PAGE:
Post # 1
Hello bees! Few quick qs about spots. I started getting them when I was about 10 or so, and they’re still bothering me as I approach 30. The only difference is that they used to be T-zone spots (traditional teenage, oily skin spots) which later migrated to my cheeks as acne, and have now settled along my jawline, the sides of my chin, my neck, and occasionally my shoulders as red, inflamed, toxic acne. I know that jawline and chin spots are supposed to be hormonal, but I’ve been on the same birth control for years (progesterone only implant) and they’ve only started getting worse recently. They’re painful, new ones erupt over the course of the average day (ie even if you deal with all your white heads in the morning, by the afternoon then a new crop have appeared) and they come up in the huge red acne lumps.
I wash my face in the morning using Oxy, which is the only facial wash I’ve found that actually reduces the problem. Benzyl peroxide doesn’t work because my adult skin is not greasy, and I have dry skin patches. After washing, I use a combined sunscreen and moisturiser, but I don’t moisturise acne prone areas. On top, I sometimes then add products like Benefit’s Dr Feelgood treatment, which reduces shine and feeds vitamins to the skin. The only other makeup I wear is mascara. I occasionally put a dab of toothpaste onto a particularly evil spot to draw it out (I find that works quite well) but lately then my spots have had an insanely fast turnover, so it’s not been an issue. I have tried prescribed antibiotics in the past, but they haven’t really helped my skin, and have also made me feel pretty rough (I have problems with my intestines, and antibiotics aren’t really very good for me because of that). I would love to get a handle on my skin problems before the wedding. Any ideas?
Post # 3
@Rachel631: I think you should go to a dermatologist if your skin is giving you this many issues. They could probably prescribe something to help. Until then, the only other thing I can recommend is to exfoliate!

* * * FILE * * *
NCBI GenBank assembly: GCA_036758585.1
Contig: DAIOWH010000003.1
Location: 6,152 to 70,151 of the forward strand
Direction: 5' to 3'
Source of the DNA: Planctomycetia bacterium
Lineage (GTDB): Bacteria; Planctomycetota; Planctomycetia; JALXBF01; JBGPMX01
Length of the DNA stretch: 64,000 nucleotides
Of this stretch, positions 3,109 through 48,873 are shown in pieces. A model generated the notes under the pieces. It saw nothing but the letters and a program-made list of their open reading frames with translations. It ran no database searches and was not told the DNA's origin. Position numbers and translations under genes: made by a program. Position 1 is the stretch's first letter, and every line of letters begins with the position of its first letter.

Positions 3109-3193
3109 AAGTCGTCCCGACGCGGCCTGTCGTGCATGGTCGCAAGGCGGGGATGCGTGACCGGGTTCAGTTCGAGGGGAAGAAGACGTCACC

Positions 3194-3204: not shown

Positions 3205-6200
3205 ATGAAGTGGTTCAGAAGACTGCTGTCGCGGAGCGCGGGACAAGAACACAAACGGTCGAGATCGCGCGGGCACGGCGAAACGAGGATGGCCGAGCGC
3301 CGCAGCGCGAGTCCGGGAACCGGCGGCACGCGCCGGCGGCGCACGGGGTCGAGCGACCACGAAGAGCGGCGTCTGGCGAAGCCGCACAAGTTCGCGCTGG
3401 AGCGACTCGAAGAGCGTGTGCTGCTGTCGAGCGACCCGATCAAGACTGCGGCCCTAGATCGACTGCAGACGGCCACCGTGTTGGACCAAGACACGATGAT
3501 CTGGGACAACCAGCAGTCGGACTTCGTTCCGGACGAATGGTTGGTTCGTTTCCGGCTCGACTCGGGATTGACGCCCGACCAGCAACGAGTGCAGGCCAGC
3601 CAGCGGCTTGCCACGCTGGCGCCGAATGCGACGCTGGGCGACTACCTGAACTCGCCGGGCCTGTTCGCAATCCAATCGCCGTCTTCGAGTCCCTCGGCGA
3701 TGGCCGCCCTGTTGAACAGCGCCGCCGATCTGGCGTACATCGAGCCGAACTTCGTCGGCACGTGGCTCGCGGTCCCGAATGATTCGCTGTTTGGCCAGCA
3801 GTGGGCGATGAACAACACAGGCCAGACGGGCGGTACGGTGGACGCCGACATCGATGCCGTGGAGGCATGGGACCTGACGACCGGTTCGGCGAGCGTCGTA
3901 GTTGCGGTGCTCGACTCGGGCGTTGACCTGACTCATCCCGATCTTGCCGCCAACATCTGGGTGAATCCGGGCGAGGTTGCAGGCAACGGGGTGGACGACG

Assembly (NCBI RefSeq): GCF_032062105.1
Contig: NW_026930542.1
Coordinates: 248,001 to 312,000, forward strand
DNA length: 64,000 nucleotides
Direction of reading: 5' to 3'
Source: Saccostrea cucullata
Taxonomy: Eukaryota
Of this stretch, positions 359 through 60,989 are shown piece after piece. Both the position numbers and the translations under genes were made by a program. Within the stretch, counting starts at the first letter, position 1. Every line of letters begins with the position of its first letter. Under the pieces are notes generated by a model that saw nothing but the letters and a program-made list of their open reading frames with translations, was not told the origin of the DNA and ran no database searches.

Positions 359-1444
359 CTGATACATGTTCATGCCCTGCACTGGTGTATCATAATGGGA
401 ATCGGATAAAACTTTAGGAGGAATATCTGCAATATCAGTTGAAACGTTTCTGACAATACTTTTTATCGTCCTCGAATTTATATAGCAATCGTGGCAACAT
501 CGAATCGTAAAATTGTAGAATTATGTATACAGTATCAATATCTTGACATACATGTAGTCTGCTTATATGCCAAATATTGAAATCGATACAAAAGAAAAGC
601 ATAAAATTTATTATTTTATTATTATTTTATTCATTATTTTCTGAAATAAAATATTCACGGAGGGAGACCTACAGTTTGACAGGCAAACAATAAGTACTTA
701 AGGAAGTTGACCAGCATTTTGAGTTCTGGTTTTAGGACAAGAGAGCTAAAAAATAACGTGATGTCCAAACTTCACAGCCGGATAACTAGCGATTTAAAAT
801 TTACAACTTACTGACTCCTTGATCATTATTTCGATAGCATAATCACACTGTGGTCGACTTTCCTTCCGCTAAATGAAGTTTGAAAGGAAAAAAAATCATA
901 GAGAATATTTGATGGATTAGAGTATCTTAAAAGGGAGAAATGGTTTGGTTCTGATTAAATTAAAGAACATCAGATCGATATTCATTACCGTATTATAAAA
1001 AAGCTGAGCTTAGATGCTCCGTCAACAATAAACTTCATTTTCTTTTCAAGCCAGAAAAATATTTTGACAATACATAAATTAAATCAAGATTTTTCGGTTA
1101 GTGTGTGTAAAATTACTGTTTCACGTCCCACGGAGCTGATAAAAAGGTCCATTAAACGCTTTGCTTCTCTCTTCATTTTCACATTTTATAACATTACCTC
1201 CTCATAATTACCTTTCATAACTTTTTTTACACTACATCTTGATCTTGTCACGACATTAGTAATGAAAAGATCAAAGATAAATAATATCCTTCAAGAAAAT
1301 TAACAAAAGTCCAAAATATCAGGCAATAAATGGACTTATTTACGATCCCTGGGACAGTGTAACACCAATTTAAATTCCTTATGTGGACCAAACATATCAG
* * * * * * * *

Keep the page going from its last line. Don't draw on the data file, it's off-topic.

Post # 4
My skin freaked out in my early 20’s when I switched from brand-name bcp’s to generic. My self-esteem took a real hit… I know what it’s like, sorry you are going through this!!
Definitely go to a dermatologist. I went to a walk-in clinic when I had my skin issue but from how you are describing your skin it sounds more severe than mine was.
I thought the antibiotic cream they prescribed was great. I think it was called clindamycin. It was very gentle and didn’t dry out my skin. When I have a pimple now I still wish I could use it!!
I also took zinc supplements, I truly believe they helped get everything under control again. Just don’t overdo it or it might interfere with how your body absorbs other minerals.
Post # 5
@Olive12: Yeah, I’d love to go to a dermatologist, but that’s just not how life works in the UK. I get free healthcare, sure, but if I want to see a specialist then there’s a huge waiting list, and spots just aren’t up there on their list of priorities. To give you an idea of how our healthcare system works, when I had an intestinal infection and was entering kidney failure, I was sent to see a specialist within 45 minutes, and had all my labs processed within an hour of my phone call, FOR FREE. All my medicines were free, all my follow ups were free, and I had home visits for free. The quality of care was incredible.
However, when I fractured my spine years ago, I asked to see a specialist, and the following ensured:
– Are you over X years of age? (Basically an OAP)
– Did this damage occur as a result of a car crash or serious accident?
– Well… no… but it was serious… I mean… I do have a fractured spine… I’m sure you have the X-rays in front of you…
– Does this injury influence your quality of life?
– Well… I am in constant pain, but it doesn’t stop me doing the things I want to do…
– So that’s a no, then.
– Well, it’s not really a “no”, that’s just a reflection of reality….
– Then you are a non-urgent case and will have to go on the waiting list. Current wait time is 2-3 years.
… and that is the reality of living under the NHS. Fantstic if you are in danger of death… not so great otherwise… but still free!